Schools in England should not use anti-capitalist and other extreme materials in teaching, the UK government told them on Sept. 24.
The advice comes as part of the extensive Department of Education (DfE) guidance announced for schools on setting their relationships, sex, and health curriculum.
Schools should not “under any circumstances” use resources developed by groups that “take extreme political stances” even if the resources themselves are not explicitly extreme, the government said in a statement.
Banned materials include those from organizations that want to “overthrow democracy, capitalism, or to end free speech and fair elections,” it said.
Resources from such organizations opposing free speech, and the freedoms of association, assembly, religion, and conscience are out of bounds, it added.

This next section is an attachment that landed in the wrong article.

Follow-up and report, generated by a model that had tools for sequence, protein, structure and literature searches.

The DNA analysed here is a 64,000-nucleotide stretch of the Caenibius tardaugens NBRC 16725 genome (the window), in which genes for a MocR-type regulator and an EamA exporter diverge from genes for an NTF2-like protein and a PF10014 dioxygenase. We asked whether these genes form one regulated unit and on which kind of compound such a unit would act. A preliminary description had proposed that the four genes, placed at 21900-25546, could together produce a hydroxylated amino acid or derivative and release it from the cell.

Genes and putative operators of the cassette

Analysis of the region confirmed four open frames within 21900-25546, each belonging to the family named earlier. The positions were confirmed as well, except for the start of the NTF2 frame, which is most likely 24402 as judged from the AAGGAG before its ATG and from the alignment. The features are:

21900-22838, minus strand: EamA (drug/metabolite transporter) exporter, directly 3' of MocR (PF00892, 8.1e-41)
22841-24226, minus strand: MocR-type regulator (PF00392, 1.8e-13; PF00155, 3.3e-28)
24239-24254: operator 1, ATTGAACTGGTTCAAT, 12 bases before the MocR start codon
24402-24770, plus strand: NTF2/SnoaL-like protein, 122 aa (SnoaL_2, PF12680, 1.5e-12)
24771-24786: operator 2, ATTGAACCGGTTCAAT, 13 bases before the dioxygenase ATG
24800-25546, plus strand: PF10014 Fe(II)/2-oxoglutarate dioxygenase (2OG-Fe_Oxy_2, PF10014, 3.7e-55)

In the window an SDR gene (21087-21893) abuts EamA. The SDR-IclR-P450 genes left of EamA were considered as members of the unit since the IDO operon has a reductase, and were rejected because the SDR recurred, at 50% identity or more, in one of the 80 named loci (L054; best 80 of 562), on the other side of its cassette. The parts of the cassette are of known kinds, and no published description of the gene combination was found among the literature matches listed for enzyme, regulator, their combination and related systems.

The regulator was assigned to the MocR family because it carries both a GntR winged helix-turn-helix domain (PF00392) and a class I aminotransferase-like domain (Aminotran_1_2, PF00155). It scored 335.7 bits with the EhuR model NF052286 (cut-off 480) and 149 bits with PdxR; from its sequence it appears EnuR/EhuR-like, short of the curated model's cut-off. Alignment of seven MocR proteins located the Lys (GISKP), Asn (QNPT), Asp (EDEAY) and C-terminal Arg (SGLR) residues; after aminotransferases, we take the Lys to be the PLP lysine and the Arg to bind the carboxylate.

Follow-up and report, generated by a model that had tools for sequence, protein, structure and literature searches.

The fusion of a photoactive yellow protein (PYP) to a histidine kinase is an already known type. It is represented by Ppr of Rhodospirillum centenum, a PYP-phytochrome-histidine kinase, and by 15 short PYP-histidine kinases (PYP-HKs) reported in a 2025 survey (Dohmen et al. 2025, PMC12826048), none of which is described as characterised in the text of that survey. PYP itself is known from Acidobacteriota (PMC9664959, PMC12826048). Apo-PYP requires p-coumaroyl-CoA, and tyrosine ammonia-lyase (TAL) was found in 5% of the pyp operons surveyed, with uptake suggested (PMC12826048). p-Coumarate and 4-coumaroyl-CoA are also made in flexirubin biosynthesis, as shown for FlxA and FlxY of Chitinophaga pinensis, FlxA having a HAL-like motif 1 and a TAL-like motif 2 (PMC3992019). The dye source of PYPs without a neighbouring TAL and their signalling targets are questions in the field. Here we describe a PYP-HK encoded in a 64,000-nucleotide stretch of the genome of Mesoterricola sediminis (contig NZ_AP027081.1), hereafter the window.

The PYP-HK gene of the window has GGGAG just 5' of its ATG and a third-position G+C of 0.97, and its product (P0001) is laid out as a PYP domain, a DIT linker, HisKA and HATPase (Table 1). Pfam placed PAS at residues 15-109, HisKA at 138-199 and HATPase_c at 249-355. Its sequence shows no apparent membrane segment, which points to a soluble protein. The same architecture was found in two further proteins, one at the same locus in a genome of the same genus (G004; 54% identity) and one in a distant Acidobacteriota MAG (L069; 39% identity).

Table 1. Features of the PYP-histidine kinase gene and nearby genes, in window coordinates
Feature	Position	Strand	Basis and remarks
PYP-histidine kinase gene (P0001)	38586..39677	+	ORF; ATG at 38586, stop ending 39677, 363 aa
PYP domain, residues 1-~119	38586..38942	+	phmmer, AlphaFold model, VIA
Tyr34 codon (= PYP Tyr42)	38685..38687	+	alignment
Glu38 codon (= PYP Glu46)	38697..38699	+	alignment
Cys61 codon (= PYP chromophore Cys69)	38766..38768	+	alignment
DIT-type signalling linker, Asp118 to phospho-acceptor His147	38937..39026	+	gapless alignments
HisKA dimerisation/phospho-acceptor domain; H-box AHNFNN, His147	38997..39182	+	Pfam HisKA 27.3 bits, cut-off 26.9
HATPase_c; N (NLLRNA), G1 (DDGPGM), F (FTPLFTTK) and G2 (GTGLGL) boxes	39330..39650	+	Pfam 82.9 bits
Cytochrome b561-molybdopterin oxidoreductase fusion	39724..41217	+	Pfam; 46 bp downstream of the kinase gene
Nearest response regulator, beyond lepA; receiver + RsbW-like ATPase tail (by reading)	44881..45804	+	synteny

Opposing Free Speech
The guidelines met with criticism from Labour members of Parliament.
On Twitter, Beth Winter called the guidance “sinister and alarming” in a post agreeing with Shadow Chancellor John McDonell that it was indicative of a “growing authoritarianism” on the part of Britains Conservative Party.
Meanwhile, Amnesty International UK (AIUK) said the government guidance was needed but had overreached when it came to banning anti-capitalist materials.
“While its clearly necessary to avoid materials with homophobic, racist or similarly extreme content being used as teaching tools in our schools, its a step too far to ban materials which question an economic model such as capitalism,” Allan Hogarth, AIUKs head of policy and government affairs, said in an emailed statement.
“The only extreme view here is the one which suggests that its somehow illegitimate to even consider the validity of socio-economic systems other than the prevailing one,” he added.
A Variety of Views
Minister of State for School Standards Nick Gibb said the curriculum guidelines would help schools provide an environment echoing a variety of views and supporting individual pupils.
“These materiaRead More – Source